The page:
Prosecutors have evidence that Oklahoma Pardon and Parole Board members were cautioned in 2011 that state law requires them to be specific on their public agendas, the Oklahoman reports. “Stop and think about what you would want to see,” Gay Tudor, then an assistant attorney general, told board members about their agendas. “People are going to want to know something about what’s coming before you.” Oklahoma County District Attorney David Prater is preparing to file misdemeanor charges against all five parole board members for alleged violations of the Open Meeting Act. His chief accusation is that the board illegally took up early release requests without proper public notice.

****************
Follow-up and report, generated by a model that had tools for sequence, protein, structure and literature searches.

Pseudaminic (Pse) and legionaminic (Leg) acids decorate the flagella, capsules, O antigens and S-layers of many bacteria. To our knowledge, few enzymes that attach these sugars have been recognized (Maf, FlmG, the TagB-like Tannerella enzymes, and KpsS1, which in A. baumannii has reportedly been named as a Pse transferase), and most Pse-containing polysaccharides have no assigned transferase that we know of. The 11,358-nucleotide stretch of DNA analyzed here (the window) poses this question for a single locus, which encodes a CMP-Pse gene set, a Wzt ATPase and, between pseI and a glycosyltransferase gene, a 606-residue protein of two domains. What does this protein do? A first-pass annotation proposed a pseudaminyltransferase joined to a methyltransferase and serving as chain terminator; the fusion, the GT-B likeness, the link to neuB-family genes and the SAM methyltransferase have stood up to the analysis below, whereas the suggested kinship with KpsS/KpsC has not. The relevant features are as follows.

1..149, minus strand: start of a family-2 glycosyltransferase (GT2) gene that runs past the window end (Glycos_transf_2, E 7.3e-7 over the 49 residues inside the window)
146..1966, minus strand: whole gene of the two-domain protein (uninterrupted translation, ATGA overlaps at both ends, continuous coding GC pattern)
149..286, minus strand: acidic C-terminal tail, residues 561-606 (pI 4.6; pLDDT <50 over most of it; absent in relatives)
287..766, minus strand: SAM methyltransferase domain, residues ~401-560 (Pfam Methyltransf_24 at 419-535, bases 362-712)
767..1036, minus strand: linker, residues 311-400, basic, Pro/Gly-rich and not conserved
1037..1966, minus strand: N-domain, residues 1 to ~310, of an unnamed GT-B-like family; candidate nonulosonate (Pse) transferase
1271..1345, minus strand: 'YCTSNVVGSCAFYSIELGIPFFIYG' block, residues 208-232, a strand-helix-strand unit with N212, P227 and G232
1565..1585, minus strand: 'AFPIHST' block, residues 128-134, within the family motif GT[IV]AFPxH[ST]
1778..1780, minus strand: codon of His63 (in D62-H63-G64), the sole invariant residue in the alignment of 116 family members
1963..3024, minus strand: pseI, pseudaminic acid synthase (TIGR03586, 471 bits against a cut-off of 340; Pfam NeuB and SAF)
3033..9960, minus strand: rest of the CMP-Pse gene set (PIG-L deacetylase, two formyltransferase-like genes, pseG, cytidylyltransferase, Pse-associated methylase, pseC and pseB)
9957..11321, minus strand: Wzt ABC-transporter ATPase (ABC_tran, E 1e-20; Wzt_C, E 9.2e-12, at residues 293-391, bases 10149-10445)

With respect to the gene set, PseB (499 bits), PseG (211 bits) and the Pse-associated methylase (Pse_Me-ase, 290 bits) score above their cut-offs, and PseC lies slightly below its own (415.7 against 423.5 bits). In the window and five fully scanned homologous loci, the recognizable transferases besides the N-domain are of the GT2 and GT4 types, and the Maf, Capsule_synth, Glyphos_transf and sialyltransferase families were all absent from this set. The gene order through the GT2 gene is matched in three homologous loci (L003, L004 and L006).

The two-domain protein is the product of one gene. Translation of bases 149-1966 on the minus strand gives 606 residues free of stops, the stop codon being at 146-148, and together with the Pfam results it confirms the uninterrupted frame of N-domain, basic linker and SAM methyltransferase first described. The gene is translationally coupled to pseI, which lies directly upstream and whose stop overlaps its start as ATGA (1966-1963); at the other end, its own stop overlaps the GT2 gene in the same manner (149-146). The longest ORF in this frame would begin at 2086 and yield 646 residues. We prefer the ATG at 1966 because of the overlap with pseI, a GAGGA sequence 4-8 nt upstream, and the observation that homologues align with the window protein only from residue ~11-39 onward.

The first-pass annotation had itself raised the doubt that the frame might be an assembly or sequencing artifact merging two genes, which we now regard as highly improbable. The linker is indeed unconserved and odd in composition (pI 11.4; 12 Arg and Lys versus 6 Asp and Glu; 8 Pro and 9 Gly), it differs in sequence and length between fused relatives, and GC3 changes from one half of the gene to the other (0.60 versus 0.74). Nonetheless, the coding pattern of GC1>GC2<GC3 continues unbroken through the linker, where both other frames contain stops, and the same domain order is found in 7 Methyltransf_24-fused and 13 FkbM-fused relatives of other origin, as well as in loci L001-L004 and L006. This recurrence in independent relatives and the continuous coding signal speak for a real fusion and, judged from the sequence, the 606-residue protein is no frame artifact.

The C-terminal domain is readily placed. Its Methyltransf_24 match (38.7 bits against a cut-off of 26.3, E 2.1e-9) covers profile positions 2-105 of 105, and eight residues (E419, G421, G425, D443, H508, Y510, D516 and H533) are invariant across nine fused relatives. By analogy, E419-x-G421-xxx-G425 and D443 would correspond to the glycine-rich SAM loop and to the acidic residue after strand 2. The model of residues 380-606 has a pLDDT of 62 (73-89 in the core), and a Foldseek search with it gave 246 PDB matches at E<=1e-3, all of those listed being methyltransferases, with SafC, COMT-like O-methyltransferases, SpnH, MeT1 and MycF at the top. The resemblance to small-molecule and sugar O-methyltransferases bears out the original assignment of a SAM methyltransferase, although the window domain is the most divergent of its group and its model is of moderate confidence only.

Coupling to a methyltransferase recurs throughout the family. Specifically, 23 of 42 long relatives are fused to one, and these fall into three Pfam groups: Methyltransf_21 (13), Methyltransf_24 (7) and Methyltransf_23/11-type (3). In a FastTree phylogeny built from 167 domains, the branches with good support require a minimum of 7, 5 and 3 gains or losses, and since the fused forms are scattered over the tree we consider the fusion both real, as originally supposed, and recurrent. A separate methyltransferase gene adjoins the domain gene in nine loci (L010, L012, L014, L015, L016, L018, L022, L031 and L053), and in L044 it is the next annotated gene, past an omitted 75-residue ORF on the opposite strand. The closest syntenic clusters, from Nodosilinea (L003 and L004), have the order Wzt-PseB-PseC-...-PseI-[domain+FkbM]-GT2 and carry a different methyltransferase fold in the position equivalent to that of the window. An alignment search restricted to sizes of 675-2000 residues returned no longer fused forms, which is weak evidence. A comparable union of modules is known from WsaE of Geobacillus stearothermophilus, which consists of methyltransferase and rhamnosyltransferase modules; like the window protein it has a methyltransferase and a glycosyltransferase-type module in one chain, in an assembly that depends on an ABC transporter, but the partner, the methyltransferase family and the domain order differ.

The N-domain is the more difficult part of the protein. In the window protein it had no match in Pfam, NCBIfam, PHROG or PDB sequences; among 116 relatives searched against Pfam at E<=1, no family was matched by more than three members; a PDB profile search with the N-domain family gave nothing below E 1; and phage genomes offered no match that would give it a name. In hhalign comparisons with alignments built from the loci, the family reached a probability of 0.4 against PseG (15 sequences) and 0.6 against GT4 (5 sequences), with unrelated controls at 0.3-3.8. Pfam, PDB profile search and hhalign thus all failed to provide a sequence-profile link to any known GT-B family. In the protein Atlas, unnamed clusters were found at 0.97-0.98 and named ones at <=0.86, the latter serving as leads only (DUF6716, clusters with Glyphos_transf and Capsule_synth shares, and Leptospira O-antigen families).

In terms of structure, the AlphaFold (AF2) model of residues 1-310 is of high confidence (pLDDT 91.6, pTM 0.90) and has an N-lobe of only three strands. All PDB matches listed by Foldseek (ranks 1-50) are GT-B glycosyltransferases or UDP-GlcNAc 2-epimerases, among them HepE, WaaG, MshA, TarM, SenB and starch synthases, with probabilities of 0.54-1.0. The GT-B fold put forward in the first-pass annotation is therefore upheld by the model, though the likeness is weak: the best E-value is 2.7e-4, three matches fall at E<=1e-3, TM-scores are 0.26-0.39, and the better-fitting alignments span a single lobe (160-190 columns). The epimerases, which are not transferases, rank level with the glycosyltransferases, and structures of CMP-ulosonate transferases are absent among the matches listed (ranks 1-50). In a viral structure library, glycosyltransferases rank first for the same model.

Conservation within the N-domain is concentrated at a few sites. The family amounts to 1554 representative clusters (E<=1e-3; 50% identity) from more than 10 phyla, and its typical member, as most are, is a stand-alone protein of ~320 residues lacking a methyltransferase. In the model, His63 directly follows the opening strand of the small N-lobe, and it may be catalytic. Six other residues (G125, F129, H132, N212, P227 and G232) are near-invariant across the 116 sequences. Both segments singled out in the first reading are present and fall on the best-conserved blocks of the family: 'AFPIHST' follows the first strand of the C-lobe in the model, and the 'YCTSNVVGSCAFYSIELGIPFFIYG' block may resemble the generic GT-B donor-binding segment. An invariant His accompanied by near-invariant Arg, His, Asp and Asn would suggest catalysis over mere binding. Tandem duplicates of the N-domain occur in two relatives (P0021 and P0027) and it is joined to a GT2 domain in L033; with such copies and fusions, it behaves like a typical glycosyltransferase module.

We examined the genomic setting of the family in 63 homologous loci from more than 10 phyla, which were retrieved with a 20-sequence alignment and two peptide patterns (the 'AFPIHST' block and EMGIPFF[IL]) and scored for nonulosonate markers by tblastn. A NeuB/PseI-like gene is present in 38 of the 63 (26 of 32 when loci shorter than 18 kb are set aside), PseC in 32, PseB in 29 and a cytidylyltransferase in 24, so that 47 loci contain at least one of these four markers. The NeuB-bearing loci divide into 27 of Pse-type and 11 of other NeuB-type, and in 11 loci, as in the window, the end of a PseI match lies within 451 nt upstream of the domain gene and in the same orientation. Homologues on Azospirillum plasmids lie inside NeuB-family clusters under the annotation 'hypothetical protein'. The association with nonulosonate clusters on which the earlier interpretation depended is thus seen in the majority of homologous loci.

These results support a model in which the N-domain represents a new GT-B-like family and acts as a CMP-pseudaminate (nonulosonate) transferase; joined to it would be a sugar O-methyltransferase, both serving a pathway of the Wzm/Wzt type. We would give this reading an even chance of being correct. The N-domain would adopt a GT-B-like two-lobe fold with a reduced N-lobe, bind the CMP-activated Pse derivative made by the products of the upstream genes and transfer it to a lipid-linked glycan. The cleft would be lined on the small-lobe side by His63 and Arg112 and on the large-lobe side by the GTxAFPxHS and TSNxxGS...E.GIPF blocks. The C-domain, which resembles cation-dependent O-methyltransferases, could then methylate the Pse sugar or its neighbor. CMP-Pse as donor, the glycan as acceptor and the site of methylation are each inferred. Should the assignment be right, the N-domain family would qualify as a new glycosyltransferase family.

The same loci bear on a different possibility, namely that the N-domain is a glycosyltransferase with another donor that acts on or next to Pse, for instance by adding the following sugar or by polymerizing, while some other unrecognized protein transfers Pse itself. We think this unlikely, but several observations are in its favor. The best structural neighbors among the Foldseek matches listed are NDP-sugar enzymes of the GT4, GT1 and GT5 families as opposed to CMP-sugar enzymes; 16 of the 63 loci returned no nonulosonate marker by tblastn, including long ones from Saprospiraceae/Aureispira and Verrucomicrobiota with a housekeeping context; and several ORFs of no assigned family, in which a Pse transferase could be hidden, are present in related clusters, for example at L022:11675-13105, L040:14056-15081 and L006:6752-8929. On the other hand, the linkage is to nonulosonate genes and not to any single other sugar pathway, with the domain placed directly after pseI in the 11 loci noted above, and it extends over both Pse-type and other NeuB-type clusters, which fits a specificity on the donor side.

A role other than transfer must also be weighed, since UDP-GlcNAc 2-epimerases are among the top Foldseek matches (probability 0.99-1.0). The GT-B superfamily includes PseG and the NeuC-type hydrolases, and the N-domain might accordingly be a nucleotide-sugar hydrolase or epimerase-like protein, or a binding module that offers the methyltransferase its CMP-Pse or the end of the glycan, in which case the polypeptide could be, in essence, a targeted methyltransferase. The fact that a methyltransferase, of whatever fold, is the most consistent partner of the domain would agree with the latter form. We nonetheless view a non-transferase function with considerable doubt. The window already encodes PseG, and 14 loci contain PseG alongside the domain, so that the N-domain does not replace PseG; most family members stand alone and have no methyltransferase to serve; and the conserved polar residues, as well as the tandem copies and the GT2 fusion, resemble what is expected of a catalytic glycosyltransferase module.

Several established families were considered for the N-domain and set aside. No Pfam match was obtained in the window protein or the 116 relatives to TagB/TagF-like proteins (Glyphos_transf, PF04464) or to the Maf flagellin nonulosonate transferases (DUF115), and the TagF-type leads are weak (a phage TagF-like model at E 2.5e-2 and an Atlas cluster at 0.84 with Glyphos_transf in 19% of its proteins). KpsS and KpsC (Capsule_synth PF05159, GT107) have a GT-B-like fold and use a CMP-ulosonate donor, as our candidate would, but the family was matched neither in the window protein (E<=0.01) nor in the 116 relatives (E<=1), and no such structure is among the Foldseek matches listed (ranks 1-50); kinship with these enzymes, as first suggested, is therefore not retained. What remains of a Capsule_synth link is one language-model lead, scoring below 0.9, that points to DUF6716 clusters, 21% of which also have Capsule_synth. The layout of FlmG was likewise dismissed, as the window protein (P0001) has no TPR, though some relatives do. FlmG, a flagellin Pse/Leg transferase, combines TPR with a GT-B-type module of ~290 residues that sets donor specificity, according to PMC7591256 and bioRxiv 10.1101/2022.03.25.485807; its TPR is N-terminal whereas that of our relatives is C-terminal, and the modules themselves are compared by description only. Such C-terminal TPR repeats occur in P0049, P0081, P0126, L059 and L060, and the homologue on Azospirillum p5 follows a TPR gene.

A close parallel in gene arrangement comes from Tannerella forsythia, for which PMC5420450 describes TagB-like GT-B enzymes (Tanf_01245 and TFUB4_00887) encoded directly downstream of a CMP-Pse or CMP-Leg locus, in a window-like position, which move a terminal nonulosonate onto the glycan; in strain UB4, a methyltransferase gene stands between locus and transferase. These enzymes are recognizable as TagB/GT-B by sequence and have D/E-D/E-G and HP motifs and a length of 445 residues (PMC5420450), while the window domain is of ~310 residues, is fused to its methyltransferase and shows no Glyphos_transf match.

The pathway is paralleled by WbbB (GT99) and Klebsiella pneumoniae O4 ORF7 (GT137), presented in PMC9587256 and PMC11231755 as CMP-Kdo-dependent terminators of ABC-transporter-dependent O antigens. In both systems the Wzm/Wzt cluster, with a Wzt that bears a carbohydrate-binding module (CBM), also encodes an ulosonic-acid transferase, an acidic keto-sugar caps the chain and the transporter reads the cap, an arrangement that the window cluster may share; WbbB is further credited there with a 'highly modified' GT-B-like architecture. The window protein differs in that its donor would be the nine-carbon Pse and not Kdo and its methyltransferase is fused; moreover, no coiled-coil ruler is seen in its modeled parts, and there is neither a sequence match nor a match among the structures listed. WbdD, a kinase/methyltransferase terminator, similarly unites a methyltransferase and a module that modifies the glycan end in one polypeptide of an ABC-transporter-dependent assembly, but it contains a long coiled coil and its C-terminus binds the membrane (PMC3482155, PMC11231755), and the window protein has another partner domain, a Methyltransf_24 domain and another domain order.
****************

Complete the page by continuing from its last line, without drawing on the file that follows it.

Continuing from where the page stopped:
Board members have denied wrongdoing. “These public servants come from the most distinguished backgrounds and are of the highest integrity,” the board’s defense attorney, Mack Martin, said Friday. “To accuse and prosecute them of willfully violating the Open Meeting Act is baseless and a waste of valuable resources.” Tudor spoke to the parole board for about an hour in April 2011 about how to comply with the Open Meeting Act and Open Records Act. She said she gave similar training at other state agencies over the years upon request.